Monday, January 23, 2017

German Instruction at State Normal During World War I, part one

Our colleagues in University Archives at UNC Chapel Hill recently wrote a great blog post about a parent who, in 1918, was upset that his son was required to have two years of German courses before registering for a chemical engineering class. This letter from the parent to UNC President Edward Kidder Graham (father of later Woman's College chancellor Edward Kidder Graham, Jr.) was sent approximately one year after the United States declared war on the German empire and officially entered World War I.

At the State Normal and Industrial College (now UNCG), teaching of the German language also fell under attack during this time. German language instruction had been offered at the school since its opening in 1892. Both German and French were offered under the Department of Ancient and Modern Languages during that initial year. By 1895, students were required to complete four years of foreign language study in either French, German, or Latin. In 1896, Bertha Lee (one of the first graduates of State Normal) was named head of the department - a position she held until ill health forced her retirement in 1913.

Cornelian Literary Society, 1914
The October 1913 State Normal Magazine announced the arrival of professor Christine Reincken, the new head of the school's German department. Reincken was the first faculty member dedicated solely to teaching German; previous German instructors also taught courses in other departments, such as mathematics or pedagogy. The announcement in State Normal Magazine notes, "Miss Reincken, who is a native of Germany, has been living in this country a number of years, and has taken courses at Columbia University and like institutions. She comes to us from Ward Seminary, Tenn., where she was likewise head of the German department." Under Reincken's leadership, the German department continued to grow as a small, but strong, academic unit. She also served as a faculty member of the Cornelian Literary Society.

On April 2, 1917, U.S. President Woodrow Wilson appeared before Congress to ask for an official declaration of war against Germany. Four days later, with a vote of 82-6, Congress passed a resolution stating:
Whereas, The Imperial German Government has committed repeated acts of war against the people of the United States of America; therefore, be it resolved by the Senate and House of Representatives of the United States of America in Congress assembled, That the state of war between the United States and the Imperial German Government, which has thus been thrust upon the United States, is hereby formally declared; and that the President be, and he is hereby, authorized and directed to employ the entire naval and military forces of the United States and the resources of the Government to carry on war against the Imperial German Government; and to bring the conflict to a successful termination all the resources of the country are hereby pledged by the Congress of the United States.
As U.S. involvement in the war progressed, so did anti-German sentiment across Greensboro (and across the United States). In their February 8, 1918 issue, the Greensboro Daily News reports the resignation of Professor Robert L. Roy, a faculty member at Greensboro College. The article notes that "the resignation was the result of a complaint voiced by E.D. Steele of High Point, at the time he withdrew his niece from the student body, giving publicly his reason that the college was employing a German citizen on its faculty."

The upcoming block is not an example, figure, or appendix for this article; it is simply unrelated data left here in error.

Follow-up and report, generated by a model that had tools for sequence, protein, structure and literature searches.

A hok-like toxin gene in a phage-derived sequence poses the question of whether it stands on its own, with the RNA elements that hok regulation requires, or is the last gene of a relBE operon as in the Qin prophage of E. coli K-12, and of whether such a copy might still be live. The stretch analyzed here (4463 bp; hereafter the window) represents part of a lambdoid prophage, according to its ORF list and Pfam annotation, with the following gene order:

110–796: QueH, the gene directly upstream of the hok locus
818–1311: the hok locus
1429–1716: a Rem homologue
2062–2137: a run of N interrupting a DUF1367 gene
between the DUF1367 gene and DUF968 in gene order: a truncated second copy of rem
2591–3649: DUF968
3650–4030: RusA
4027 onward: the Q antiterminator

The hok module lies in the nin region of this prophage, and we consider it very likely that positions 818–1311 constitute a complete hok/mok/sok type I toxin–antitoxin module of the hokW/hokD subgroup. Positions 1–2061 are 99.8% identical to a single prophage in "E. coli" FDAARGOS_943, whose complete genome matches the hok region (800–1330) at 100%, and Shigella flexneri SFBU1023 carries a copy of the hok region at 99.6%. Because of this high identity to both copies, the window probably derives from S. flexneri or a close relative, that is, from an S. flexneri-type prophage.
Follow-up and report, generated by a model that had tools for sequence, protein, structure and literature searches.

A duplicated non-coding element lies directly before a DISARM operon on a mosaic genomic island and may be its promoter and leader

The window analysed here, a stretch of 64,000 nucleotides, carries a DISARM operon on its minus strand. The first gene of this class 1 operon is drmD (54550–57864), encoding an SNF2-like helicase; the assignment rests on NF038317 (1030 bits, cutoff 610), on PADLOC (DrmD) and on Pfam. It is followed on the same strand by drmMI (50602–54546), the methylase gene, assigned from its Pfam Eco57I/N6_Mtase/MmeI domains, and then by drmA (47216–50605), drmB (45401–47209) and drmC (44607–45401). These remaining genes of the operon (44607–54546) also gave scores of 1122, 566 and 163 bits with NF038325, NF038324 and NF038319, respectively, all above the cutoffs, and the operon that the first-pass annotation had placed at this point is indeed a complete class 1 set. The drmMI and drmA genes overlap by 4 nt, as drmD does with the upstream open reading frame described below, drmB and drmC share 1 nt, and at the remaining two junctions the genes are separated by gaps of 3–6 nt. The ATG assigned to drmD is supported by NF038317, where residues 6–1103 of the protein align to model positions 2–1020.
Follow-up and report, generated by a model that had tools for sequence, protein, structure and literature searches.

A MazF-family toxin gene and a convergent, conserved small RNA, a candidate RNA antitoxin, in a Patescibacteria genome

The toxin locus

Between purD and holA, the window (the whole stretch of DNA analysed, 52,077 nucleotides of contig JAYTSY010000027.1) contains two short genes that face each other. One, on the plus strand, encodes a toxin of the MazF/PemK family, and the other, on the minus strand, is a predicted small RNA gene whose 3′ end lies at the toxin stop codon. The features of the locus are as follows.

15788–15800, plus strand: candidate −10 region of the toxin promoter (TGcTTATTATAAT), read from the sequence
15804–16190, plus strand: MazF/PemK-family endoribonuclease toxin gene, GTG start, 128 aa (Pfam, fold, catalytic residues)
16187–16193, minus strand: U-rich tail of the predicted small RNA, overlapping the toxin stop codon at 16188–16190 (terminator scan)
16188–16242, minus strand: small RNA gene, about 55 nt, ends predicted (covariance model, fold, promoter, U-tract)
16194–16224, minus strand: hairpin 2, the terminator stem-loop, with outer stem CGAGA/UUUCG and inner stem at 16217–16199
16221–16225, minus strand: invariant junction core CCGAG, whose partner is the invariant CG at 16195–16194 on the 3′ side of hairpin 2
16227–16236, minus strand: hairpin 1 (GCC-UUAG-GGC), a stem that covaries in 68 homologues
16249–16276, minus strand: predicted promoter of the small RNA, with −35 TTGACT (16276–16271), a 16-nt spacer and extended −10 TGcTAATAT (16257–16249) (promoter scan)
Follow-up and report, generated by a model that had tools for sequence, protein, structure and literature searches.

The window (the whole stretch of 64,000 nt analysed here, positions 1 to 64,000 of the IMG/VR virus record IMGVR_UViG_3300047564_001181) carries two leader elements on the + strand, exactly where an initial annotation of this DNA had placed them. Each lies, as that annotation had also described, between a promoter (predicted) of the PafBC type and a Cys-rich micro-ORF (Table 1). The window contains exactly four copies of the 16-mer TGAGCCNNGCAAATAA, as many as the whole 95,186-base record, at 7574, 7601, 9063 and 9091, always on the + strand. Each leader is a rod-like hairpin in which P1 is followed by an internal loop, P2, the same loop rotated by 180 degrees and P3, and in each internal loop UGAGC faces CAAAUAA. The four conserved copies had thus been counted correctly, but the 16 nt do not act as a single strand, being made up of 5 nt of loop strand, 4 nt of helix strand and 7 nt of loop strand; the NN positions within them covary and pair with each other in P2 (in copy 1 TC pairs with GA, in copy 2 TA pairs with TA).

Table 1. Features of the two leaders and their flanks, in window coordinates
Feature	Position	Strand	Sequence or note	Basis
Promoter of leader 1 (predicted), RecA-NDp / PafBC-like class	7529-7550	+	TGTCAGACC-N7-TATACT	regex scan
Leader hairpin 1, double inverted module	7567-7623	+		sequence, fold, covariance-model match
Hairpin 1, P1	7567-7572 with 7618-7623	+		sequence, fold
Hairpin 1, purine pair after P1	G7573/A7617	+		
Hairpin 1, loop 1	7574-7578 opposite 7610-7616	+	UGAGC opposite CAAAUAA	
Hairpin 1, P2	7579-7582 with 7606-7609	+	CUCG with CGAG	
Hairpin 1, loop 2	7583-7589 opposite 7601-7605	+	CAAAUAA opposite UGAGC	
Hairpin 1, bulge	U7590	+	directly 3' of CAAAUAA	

Fearing that parents might similarly argue against her employment, on February 13, 1918, Reincken sent a letter to college president Julius Foust expressing concern. She wrote, "conditions may make it necessary that I resign my position, for my presence here as a German may be embarrassing. Will you please tell me when the time has come or if it is better not to wait and resign now? It is with a heavy heart that I write this for I love my classes and could not appear before them and feel their mistrust in these times." Foust met with her, and Reincken decided to stay at the college for the time being.

Greensboro Daily News, March 22, 1918
The following month, on March 22, State Normal hosted a competition between Davidson and Lafayette Colleges in which students debated over the whether or not "the successful prosecution of war requires that all citizens of Germany, Austria, Bulgaria, and Turkey now residing in this country be interned for the term of the war." In their argument in favor of this statement, Davidson debaters argued that "enemy aliens" had destroyed $50 million of American property, "distributed propaganda in the United States that is dangerous," and "influenced nearly 2,000,000 negroes to leave the south." One debater questioned whether Germany would provide American citizens with freedoms, adding "do you think that you could listen to this debate in Berlin and come out alive?" Ultimately, however, the judges determined that Lafayette's debaters who spoke in opposition to internment were victorious.

Anti-German sentiments continued to grow across Greensboro as well as most of the United States as the war progressed. Next week, we will look in depth at how this affected Christine Reincken and her work at the State Normal.

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